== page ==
Four minimal facts:
1. Jesus died by crucifixion.
2. Jesus was buried in a known tomb. 
3. The tomb was found empty. 
4. There were postmortem appearances of Jesus.

Jesus died by crucifixion.

“Even if Jesus somehow survived the intense scourging, as well as the agonies of the cross … this would leave completely unexplained why Jesus’ disciples ended up hailing him the resurrected Lord of life.” (p.543)

Jesus was buried in a known tomb.

-There is no other burial tradition.
-Well-established through multiple, independent attestations (Matthew, Mark, John, 1 Cor.)
-Christians not likely to invent a member of the Jewish court that condemned Jesus (Joseph of Arimathea)

The tomb was found empty.

-It is found in Mark, probably the oldest Gospel, and 1 Corinthians 15.
-The stories are basic and lack fictional embellishments.
-All 4 Gospel accounts mention women witnesses (no cred in that culture) (principle of embarrassment)

There were postmortem appearances of Jesus.

12 (listed in chapter) in a 40-day period. As with discovering the empty tomb, women are the first witnesses of the risen Jesus. Since women had no cred in that culture, the disciples would not have invented their being the first witnesses (principle of embarrassment).

Paul is a very strong witness of the resurrection. In 1 Corinthians 15 he is settling a dispute in the church of Corinth over the resurrection of the dead, so he lists various post-resurrection appearances captured in an early creed (“What I received, I passed on…” probably from Peter and James, whom he mentions–eyewitnesses), dated to within 5 years of Jesus’ death.  In it, he (with the creed) affirms the physical nature of the resurrection. His is authorship is never disputed.

Other Well-Established Evidence

1. The transformation of the disciples from being full of fear (they fled), to being full of boldness (on Pentecost). (Also consider the conversion of skeptic James and persecutor Paul.)
2. The early worship of Jesus. (Philippians 2:5-11, another early Christian creed; Pliny the Younger Letters 10.96-97) –by monotheistic Jews
3. Circumstantial evidence (Acts: baptism, Lord’s supper, Sunday worship) presupposes Rez
4. Spiritual experiences in history and today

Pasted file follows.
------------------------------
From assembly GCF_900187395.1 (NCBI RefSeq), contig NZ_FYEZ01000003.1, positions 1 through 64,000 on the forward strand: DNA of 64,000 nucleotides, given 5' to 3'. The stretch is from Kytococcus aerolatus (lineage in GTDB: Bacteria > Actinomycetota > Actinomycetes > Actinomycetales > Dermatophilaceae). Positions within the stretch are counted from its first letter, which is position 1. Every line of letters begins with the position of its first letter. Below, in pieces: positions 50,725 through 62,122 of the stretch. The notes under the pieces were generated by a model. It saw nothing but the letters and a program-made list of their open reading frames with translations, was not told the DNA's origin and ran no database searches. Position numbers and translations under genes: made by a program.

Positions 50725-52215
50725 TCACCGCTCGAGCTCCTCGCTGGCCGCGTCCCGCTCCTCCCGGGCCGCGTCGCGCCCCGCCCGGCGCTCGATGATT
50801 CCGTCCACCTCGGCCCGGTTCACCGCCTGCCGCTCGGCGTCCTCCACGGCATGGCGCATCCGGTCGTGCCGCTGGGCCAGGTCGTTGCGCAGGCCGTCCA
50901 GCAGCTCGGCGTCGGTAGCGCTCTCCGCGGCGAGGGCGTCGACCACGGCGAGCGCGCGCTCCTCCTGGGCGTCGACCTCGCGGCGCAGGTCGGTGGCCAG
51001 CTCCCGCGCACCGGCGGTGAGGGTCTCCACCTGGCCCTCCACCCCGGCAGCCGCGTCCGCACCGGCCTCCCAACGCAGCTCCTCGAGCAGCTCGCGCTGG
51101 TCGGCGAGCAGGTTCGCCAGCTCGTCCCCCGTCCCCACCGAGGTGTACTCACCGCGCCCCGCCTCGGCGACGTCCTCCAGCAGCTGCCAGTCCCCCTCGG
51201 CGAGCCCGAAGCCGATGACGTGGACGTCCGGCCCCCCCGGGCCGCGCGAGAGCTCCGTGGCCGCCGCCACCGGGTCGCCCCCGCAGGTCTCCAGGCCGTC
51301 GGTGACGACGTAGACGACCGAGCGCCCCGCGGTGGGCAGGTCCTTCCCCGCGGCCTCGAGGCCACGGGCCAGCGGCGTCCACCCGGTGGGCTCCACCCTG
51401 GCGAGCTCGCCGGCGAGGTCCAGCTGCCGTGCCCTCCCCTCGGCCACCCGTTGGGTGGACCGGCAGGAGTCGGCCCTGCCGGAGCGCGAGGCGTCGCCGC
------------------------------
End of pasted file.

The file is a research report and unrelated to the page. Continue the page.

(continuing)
Alternative Theories

The Swoon Theory (including The Passover Plot version) was ruled out earlier in the chapter when discussing the minimal fact of the crucifixion.


Hallucination is the primary theory used to account for the appearances of Jesus (a minimal fact).

Problems with the Hallucination Theory:

1. They perceived Christ through sight, hearing and touch, and as a group.
2. Intense wish fulfillment was not a factor. A) They gave him up for dead, shocked he was alive. B) Thought resurrection happened to everyone at the end of history. C) Did not understand his repeated predictions of death and resurrection. D) Paul and James were not believers.
3. Christianity thrived and gained in popularity, when at first disciples were depressed.
4. The body could have been produced, the occupied tomb could have been investigated, in order to cure the hallucinations.

Theft Theory

Some claim the disciples stole the body — this is the only alternative theory recorded in the Bible. 


1. The disciples had neither the motive, nor the means, to pull off the deception of hiding the body. 
2. They thought the resurrection happened to everyone at the end of history.
3. The theft theory cannot explain the appearances of Jesus.

Do this “Twelve Facts” Resurrection Logic Puzzle

Are there discrepancies in the resurrection accounts?

1. They can still be harmonized (only apparent, not real contradictions).
2. Secular history displays discrepancies as great or greater than.
3. All the accounts still agree on the resurrection.
4. Minor differences indicate authenticity, as upposed to collusion (in the case of uniformity).